On a couple of tracking dates, I routed incoming signals (specifically, piano tracks, organ tracks and lead vocals) through both the Mytek 8X192 and a Digidesign 192 for comparison purposes. The Digi 192 and the Mytek are calibrated slightly differently, with the Digi 192 set for +4 dB = -18 dBFS and the Mytek set for +4 dB = -15 dBFS. This difference means that incoming signals recorded by the Mytek converters are slightly hotter than the signals brought through the Digi 192. After compensating for the volume, comparing the two otherwise identical signals did reveal differences between the two tracks. In a direct comparison with the Mytek, tracks recorded with Digidesign’s 192 seemed to have a certain hardness – not “harsh,” but edgier than those recorded through the Mytek converters. The tracks recorded with the 8X192’s A/D side also seemed to have a little more width than the Digi A/Ds.

This holds true on the D/A side as well – the Mytek converter sounded a bit fuller and (as much as I hate to say it) had more of a “natural” sound. In an A/B situation, it was pretty easy to tell the difference between the two converters when listening to solo piano tracks. Naturally, when a signal was recorded and played back through one brand of converter (either the Mytek or the Digi converter), these relatively small differences were magnified.

To be fair, Digidesign’s 192 converter is much better than its predecessor, the 888/24 (which was itself a heck of a lot better than the generation before it). And while there were noticeable sonic differences between the Digi and Mytek boxes, those differences aren’t nearly as stark as they might have been with earlier generations of converters. Nevertheless, they are there. And though it’s truly a subjective opinion, I preferred the Myteks to that of the Digidesign converters that I already own.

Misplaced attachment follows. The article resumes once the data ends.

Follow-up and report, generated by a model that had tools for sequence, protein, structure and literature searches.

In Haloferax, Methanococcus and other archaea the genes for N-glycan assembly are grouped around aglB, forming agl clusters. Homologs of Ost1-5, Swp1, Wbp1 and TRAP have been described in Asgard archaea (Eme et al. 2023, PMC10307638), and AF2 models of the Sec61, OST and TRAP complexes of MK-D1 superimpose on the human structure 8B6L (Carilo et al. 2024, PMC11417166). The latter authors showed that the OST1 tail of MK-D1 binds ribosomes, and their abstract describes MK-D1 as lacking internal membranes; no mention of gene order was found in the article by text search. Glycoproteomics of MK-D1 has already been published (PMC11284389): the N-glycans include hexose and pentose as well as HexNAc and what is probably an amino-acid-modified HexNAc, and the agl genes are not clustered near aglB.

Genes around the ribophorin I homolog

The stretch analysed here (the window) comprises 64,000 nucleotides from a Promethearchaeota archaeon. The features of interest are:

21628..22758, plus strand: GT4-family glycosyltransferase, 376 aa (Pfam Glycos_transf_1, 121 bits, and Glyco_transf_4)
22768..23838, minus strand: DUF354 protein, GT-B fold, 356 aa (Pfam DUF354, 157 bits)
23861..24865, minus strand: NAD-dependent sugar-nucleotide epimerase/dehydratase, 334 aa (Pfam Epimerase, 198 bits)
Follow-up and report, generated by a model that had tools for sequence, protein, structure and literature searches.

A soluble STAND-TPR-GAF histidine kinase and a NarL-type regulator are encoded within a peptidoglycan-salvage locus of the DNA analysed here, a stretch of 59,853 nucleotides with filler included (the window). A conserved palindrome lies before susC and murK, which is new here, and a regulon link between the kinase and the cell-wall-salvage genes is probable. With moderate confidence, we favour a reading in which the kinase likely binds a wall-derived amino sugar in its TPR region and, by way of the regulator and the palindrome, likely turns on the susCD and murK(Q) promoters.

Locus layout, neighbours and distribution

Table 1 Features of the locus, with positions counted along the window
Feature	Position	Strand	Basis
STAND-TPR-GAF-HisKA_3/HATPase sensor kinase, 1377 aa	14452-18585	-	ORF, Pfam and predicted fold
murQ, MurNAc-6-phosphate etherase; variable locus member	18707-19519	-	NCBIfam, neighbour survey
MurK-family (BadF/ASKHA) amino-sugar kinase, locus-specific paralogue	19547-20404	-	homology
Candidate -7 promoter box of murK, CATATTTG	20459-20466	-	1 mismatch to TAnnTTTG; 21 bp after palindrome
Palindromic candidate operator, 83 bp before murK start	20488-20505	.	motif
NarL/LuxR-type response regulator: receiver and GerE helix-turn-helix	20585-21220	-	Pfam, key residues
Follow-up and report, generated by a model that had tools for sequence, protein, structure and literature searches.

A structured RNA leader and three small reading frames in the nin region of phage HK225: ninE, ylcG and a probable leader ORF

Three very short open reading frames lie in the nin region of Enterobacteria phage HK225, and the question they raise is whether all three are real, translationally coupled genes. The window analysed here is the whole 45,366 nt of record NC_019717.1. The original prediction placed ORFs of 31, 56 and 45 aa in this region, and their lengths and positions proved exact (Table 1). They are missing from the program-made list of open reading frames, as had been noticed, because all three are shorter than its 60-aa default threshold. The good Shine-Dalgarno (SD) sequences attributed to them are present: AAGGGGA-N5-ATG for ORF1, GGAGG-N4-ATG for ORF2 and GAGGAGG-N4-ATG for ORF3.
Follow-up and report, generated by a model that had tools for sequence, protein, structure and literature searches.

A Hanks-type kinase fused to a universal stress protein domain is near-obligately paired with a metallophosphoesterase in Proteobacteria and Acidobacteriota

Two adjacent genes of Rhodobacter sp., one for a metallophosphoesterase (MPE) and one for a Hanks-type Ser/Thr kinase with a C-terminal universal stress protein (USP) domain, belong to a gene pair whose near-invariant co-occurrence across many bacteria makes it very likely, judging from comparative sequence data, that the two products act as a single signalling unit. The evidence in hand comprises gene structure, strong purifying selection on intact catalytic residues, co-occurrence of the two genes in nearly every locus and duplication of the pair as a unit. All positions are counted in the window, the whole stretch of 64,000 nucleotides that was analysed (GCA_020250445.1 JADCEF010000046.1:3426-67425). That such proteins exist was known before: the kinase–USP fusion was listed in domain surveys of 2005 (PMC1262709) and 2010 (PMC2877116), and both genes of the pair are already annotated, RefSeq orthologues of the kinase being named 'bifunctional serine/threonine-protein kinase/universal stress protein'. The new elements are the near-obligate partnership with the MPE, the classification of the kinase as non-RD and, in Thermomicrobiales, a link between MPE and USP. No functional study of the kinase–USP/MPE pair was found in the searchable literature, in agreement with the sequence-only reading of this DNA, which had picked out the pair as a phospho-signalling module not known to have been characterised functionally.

When using the 8X192 as the sole interface to a workstation, some other advantages of this box came into play; the stereo XLR output can be a real problem solver, and the multiple clock outputs made synching the rest of that particular system a lot easier. Besides that, the sonics of the 8X192 made long days of editing drum tracks at least a little more pleasant.

I should mention a couple of other things about the 8X192 converters. First, they get quite warm, despite the built in (and pretty quiet) fan. It’s recommended that a space be left above each unit for ventilation. Second, the 8X192’s conversion latency is quite low; the manual doesn’t specify a number but when comparing tracks routed simultaneously through the Mytek converter and Digidesign’s 192, I found the Digi converter to be approximately 18 samples slower than the Mytek. This wouldn’t be an issue (and it could be argued that it’s an advantage) unless the DAW uses converters from different manufacturers (as my system does). But if, for example, you used one company’s converter for some drum tracks and another brand for the rest of the drum tracks, this bears watching. Naturally, the same holds true for a stereo signal – it’s not a good thing to split left and right into different brands of converters with differing latencies.

Admittedly, the Mytek 8X192 ADDA is not the most cost efficient converter available. But those who care about how everything in the signal path affects the sound should give serious consideration to the 8X192.

Dave Martin would like to thank Dave at Vintage King and David Seymour, the “go to” guy for Mytek Digital, for the use of the converters used in this review.

Review Setup

Pro Tools HD3 with two Digidesign 192s and one Digidesign Digital 192, Sync I/O; D&R Cinemix console; Dynaudio Acoustics BM15A monitors